Tracing Runaway Individuals

Tracing runaway individuals starts with a report to the police. This will put the runaway in a national data base that only law enforcement officers can access with a PIN number and a department case number.


Asking the runaway’s friends and checking bus stations are important steps. Social media and going through their garbage can also provide valuable information to locate them.

Cellular Telephone Records

Cellular phone pinging has become a powerful tool for tracing runaway individuals. Every time a person makes or receives a call on their cell phone, the phone signals its location to the nearest cellular communication tower. These location signals are then recorded by the cellular provider and stored as cell site location information (CSLI).

This type of information is useful because it reveals where a person was at a certain time. This data can corroborate or contradict an alibi location, as well as reveal incident locations. It is now being admitted as evidence in many trials around the country and globe.

Obtaining these records is done by subpoena from a court of law. Due to the United States Constitution, which protects citizens from unreasonable searches and seizures, police must have probable cause before accessing any personal information, including a cell phone’s location.

Another way to get this information is to request a “tower dump” from the local cellular phone carrier. This is a list of all CDRs and new handset registrations that occurred for a specific base station over a specific period of time.

Text Messages

A runaway’s text messages can contain valuable information. Especially when it comes to teenage runaways, texts can reveal their plans for leaving home. In addition, it’s important to ask your children about their relationships with people in their lives, including their teachers and friends. Some teens may gripe about their parents being “nosey,” but knowing who their acquaintances are can help law enforcement agencies locate them faster.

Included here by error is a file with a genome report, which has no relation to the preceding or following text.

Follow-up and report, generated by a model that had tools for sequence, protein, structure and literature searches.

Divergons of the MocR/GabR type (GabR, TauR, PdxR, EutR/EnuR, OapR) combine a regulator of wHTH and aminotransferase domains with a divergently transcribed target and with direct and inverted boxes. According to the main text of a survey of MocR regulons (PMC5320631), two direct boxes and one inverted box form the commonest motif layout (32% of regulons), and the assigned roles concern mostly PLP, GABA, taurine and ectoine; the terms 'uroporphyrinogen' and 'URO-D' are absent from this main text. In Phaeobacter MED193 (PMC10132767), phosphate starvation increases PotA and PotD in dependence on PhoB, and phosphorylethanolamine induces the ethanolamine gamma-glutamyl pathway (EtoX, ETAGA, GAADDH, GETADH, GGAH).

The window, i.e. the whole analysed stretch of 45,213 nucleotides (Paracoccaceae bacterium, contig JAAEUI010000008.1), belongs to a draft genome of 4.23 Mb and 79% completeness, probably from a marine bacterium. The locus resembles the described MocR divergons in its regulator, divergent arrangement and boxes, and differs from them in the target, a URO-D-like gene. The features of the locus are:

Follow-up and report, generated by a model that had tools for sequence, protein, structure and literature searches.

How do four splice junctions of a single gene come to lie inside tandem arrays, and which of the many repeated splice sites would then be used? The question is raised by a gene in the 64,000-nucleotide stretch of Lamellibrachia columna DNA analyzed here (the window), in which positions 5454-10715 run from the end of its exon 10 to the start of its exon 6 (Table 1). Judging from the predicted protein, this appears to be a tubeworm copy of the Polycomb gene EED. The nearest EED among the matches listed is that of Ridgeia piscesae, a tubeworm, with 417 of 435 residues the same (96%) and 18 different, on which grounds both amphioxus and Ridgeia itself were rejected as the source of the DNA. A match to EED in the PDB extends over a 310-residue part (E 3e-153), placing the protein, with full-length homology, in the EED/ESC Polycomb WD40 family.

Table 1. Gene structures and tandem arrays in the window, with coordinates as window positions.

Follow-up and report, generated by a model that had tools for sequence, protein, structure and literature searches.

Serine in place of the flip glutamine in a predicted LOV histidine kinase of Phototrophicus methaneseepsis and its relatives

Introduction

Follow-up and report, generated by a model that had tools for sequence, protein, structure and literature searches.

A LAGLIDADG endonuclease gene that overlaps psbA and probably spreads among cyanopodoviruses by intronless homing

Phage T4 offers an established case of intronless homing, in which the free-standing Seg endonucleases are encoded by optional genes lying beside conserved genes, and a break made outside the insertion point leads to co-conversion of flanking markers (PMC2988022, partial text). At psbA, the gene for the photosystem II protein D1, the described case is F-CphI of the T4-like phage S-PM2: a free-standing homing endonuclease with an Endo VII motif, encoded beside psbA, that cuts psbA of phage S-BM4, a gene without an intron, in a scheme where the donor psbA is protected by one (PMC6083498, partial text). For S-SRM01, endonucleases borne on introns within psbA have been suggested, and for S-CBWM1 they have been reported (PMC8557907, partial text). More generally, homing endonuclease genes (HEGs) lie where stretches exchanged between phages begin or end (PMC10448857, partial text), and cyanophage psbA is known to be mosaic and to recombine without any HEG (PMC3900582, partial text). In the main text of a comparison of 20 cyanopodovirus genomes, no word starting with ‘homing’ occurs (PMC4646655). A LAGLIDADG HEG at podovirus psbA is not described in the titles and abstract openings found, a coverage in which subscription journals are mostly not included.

When a missing runaway calls home, they may try to reassure their family that they’re safe and ask not to involve law enforcement in search efforts. They also might call to demand ransom. When this happens, the family must immediately dial *57 after the phone call is complete. This is a standard procedure for active missing person cases involving minors or at-risk adults. Only law enforcement agencies can retrieve the location ping data from this trace, so it’s vital to write down the information provided by the automated system. Using this procedure to track a runaway is not appropriate for cases involving adults who disappear voluntarily. The process isn’t foolproof and it doesn’t guarantee that the caller will be located.

Computer History

In 1848, Ada Lovelace (daughter of poet Lord Byron) wrote the world’s first computer program while translating a paper on Charles Babbage’s Analytical Engine. She added her own step-by-step description of how to compute Bernoulli numbers using the machine, making her the world’s first programmer.